The exploitation of Stephen Lawrence
How a brutal, racist murder was used to demonise the masses.
Today is Stephen Lawrence Day. It commemorates the 30th anniversary of the lethal stabbing of 18-year-old Lawrence in Eltham, south-east London, at the hands of a gang of young men.
Initially, six suspects were arrested but not charged, before the Lawrence family launched an unsuccessful private prosecution against five of them in 1994. It was not until 2012, after a change in the law allowing individuals to be tried twice for the same offence, that two of the gang were eventually convicted of Lawrence’s murder.
Do I need to add more details? Isn’t this one instance where the name of the victim – Stephen Lawrence – is enough to conjure up a tragedy and summon a sequence of events?
Many will be able to immediately recall that photograph of the teenager in a blue and white striped top. It is sometimes cropped to remove Lawrence’s slightly raised fist, as if some fear this gesture would take away from the severity of the crime in some way. But arguably, the canonisation of Lawrence has already done this. By elevating him to the status of a saint, he has been reduced to the standard of a brand. This has diminished both the savagery of his murder and the seriousness of the issues raised in its aftermath.
To the younger, agile generation, the name of Stephen Lawrence may resonate on some level, yet for us fragile elders it is lodged in the national psyche. We remain affected by the story. We recall the column inches taken up in broadsheets, tabloids and supplements. We have seen television dramas, documentaries and even a stage play. His mother, Doreen Lawrence, has remained in the public eye. Initially, because of her valiant efforts to have her son’s killers brought to justice, and later as a campaigner against racism, which led to a seat in the House of Lords. High-profile figures and consumer brands eager to declare an affinity with the cause have been keen to court her and call upon her services. She modelled with Emma Thompson for Marks & Spencer in 2014, advised Coronation Street producers about a storyline on race in 2020, and she carried the Olympic flag alongside fellow Labour peer Shami Chakrabarti at the opening ceremony for London 2012.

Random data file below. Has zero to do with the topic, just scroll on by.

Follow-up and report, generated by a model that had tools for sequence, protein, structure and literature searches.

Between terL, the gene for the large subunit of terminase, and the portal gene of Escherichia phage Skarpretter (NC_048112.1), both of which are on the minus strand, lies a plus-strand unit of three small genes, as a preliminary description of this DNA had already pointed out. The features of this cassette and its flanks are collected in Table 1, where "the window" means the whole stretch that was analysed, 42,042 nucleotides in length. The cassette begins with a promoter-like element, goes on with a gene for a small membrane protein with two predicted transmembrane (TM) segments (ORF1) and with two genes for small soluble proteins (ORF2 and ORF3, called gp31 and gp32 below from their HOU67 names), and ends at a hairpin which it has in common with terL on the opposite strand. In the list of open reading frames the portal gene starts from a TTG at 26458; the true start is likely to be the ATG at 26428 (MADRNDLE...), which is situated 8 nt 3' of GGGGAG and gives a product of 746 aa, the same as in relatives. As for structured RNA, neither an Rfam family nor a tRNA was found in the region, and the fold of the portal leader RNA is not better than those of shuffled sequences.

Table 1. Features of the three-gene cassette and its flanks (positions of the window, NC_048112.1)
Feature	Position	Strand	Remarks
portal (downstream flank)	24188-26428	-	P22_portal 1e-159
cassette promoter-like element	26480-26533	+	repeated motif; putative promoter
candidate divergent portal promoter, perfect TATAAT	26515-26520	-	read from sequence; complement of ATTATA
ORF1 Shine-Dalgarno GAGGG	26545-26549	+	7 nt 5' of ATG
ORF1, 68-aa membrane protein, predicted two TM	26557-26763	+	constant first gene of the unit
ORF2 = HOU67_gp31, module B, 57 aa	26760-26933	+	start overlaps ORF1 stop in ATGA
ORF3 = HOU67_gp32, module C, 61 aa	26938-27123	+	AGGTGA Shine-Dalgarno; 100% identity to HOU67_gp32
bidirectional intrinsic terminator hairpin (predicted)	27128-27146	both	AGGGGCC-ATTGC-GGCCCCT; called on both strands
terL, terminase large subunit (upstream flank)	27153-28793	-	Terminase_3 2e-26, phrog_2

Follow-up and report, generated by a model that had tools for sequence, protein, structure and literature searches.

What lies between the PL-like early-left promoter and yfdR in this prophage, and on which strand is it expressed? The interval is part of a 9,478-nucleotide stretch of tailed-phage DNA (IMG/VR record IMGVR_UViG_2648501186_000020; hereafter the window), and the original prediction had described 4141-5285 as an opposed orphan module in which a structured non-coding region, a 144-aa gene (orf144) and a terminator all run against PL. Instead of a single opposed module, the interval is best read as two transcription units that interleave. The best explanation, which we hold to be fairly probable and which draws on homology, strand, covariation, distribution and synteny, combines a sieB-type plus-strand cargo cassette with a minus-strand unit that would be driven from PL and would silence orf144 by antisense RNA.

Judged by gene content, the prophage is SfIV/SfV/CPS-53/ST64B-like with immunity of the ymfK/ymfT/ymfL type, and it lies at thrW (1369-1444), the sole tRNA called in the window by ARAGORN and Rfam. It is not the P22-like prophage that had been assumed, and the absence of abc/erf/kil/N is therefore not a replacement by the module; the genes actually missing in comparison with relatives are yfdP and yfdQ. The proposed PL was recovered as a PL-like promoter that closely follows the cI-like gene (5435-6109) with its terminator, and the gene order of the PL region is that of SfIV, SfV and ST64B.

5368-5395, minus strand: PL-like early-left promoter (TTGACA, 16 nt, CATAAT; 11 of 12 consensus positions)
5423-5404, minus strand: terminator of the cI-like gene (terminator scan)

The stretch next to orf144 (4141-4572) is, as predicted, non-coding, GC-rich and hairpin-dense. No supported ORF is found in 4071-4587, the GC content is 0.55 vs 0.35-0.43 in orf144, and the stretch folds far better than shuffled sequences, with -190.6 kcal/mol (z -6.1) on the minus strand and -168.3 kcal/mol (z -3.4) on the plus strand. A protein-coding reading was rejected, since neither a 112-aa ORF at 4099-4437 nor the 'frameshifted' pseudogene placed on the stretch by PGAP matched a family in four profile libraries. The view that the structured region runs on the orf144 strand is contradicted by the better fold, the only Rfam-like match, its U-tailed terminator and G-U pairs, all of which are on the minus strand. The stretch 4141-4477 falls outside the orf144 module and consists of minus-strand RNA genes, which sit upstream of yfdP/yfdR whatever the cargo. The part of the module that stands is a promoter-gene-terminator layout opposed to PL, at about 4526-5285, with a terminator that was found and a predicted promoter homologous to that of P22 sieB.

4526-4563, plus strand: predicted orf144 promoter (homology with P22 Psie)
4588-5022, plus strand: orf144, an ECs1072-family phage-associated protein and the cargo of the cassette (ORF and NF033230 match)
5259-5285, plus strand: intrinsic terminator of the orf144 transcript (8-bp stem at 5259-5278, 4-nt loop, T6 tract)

In the mid-1990s, race was not the booming industry it is today. However, there was an emergent race lobby, in the shape of the Commission for Racial Equality and other caucuses. At the time, the evidential racism these quangos and groups had originally been formed to address was abating. And so, to continue to justify their existence, they had begun redefining racism. This process accelerated following the murder of Stephen Lawrence, and especially Sir William Macpherson’s ‘Inquiry into the Matters Arising from the Death of Stephen Lawrence’. The 1999 Macpherson report recommendations were instrumental in widening and changing the meaning of racism. The Labour government introduced legislation to address ‘institutional racism’ in the police force and ‘unwitting prejudice’ in everyone else.